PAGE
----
Design Thinking: The Key to Winning in the IoT Space
The Internet of Things (IoT) market has been skyrocketing. A recent market analysis published by the Boston Consulting Group predicts that by 2020, $267B will be spent on IoT technologies, products, and services. Such growth is driving many companies to enter the market, with hopes of snagging a piece of the pie.
Obviously, not every company launching a new IoT product will succeed. In fact, many of the companies entering the IoT domain are doing so with a strong technology, but will still struggle. What are they doing wrong, and how can your company apply an approach to bankable innovation? The succinct answer is that you first need to solve an existing problem. IoT does not escape the basics of good product design. Cool technology still needs to solve a real-world problem.
In this article, we will walk you through a creative approach to problem-solving. This approach — also known as Design Thinking — is a proven method for success and innovation in your next IoT project. It is an extremely useful approach in tackling complex problems by understanding the human needs involved, reframing the problem in human-centric ways, creating multiple ideas, and adopting a bias-towards-action attitude in prototyping and testing.
“Design thinking is a human-centered approach to innovation that […] integrates the needs of people, the possibilities of technology, and the requirements for business success.” — Tim Brown
Design Thinking is not only a process, but also a mindset, focused on a bias for action, and willingness to prototype. It’s about trying, failing, learning from your experiments, and trying again. “Fail fast, succeed faster” is one of the mantras we encourage you to embrace. Thomas Edison was already practicing Design Thinking, way back in the day:
“I have not failed. I’ve just found 10,000 ways that won’t work.” — Thomas Edison
The good news is: you don’t have to be a designer, committed inventor, or an expert empath to employ this method and change your mindset. Anyone can do it. In fact, if more people made use of this method, the world would have much better products and services, and consequently people would be living better lives. Do you want to take a part in shaping this vision of the future?
The Diverge-Converge Process to Innovation: also applicable for IoT projects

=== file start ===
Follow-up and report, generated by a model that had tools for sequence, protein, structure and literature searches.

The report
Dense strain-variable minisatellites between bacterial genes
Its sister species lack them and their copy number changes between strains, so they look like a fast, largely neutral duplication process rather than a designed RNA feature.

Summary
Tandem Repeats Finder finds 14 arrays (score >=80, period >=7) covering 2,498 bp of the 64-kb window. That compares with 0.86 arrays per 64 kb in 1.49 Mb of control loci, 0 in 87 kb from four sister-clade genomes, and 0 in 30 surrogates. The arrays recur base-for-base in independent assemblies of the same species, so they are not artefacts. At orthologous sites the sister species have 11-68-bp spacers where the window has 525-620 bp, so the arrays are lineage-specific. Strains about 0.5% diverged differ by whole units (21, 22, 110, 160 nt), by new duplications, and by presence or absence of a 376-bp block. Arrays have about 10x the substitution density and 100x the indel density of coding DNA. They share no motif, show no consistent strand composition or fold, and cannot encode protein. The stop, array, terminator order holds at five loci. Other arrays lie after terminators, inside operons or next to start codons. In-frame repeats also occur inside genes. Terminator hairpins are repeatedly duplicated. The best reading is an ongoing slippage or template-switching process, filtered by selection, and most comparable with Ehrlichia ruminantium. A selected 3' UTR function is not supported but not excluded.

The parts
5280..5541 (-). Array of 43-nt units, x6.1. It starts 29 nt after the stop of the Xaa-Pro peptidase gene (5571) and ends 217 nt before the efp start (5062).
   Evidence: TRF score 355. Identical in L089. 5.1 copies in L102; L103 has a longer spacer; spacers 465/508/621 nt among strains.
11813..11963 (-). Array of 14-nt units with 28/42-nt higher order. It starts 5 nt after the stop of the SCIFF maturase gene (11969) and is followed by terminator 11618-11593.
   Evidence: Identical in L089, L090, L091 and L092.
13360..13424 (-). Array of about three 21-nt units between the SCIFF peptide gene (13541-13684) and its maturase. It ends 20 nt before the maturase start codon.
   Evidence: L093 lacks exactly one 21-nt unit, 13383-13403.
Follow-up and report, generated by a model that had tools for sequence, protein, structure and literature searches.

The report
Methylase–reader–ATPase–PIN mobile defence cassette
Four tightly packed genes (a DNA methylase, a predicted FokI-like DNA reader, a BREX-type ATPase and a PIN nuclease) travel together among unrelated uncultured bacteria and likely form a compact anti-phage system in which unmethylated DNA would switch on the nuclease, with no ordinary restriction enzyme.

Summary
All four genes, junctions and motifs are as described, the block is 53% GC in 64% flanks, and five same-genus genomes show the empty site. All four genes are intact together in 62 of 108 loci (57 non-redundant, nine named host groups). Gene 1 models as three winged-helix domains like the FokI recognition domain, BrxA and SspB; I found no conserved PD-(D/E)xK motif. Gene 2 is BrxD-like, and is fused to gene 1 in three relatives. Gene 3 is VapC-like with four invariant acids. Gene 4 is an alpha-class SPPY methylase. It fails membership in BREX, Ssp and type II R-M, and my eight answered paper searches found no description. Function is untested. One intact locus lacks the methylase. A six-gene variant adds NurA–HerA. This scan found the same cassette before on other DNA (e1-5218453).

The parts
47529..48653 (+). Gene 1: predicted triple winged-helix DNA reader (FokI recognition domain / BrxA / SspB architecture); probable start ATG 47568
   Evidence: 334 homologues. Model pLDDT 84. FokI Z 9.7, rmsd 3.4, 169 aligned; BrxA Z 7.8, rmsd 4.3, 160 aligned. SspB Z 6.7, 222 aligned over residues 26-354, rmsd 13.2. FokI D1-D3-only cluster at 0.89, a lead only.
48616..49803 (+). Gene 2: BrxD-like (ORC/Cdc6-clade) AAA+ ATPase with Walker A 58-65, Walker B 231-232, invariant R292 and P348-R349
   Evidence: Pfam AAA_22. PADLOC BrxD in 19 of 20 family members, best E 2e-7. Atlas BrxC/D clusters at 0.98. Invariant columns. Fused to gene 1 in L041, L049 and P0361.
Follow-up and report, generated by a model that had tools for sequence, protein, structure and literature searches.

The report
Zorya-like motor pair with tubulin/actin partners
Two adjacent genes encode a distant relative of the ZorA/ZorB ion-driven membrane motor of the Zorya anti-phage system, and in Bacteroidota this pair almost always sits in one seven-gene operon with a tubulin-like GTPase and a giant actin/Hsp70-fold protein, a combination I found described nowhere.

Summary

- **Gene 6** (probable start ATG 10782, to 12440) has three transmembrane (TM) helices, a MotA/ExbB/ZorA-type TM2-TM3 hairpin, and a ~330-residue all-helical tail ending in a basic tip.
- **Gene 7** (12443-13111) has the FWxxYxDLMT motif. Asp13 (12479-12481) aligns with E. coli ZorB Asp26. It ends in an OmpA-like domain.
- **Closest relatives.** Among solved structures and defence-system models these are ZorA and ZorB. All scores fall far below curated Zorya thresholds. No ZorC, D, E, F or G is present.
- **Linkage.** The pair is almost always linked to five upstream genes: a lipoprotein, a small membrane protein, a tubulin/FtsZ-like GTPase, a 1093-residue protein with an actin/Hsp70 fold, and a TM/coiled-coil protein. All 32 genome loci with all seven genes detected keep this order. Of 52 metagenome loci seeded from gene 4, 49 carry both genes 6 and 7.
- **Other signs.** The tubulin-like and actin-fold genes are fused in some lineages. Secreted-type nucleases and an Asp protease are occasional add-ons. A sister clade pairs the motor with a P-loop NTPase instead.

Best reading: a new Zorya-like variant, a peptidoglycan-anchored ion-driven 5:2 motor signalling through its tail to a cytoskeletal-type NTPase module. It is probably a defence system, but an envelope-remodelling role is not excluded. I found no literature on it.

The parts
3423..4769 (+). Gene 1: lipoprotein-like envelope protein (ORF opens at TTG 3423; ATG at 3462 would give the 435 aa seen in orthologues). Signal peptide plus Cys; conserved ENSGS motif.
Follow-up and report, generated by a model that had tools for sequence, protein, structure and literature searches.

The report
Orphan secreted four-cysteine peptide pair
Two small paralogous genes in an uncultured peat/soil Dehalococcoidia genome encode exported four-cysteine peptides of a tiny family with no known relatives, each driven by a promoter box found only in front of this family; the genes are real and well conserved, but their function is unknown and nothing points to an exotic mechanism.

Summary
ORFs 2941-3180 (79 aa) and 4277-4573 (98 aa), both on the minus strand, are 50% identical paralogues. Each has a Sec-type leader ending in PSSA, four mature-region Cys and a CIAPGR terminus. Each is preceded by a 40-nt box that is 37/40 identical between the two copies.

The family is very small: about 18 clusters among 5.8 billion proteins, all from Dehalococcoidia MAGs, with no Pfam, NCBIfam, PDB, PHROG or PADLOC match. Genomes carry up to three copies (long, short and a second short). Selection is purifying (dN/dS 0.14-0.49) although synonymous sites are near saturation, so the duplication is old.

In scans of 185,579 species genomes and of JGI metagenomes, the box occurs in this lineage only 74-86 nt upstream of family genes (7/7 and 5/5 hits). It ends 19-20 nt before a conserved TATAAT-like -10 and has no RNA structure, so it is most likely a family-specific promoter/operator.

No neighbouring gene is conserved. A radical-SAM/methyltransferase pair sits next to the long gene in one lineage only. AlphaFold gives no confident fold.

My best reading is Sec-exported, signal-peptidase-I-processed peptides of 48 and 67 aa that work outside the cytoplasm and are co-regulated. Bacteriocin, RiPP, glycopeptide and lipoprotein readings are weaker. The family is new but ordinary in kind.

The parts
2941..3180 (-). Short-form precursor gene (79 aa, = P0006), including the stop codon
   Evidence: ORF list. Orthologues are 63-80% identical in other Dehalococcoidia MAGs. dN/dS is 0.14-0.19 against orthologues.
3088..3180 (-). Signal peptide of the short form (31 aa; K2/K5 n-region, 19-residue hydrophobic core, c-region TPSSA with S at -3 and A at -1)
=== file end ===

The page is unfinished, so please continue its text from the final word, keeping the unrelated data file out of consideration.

The process we are about to walk you through employs a method of divergent and convergent thinking as a way to innovate. When diverging, you are creating choices. When converging, you are making choices. Understating the following phases will empower anyone to utilize Design Thinking methods to create a successful IoT product.
The double-diamond process, initially introduced by The Design Council in 2005, and adapted by ICF International.
Start by defining the problem to solve, even if you have a breakthrough IoT product in mind
Many companies are usually eager to start with a solution in mind. In our experience, we don’t see enough effort being used to identify and define the key problem that is being solved, and who in turn will benefit from the solution. Starting out by saying you want to create an interactive mirror, or a connected toaster, is backwards. These are actually solutions! Einstein was wise when he said this:
“If I had only one hour to save the world, I would spend fifty-five minutes defining the problem, and only five minutes finding the solution”. — Albert Einstein.
The best way to come up with an innovative solution is to begin without the end in mind. Most startups and entrepreneurs observe a problem and create a hypothesis about the solution. It’s OK to hypothesize, but most people stop there and start working on the solution they have imagined.
In order to truly innovate, we advocate that you step out of outcome assumptions and start by uncovering the root causes, and how people currently deal with them. Stepping out of your assumptions will allow you to see whether the solution is really the best outcome for the root cause you discover. The process itself will eventually devise a solution you may have never thought of by yourself, from inside your office.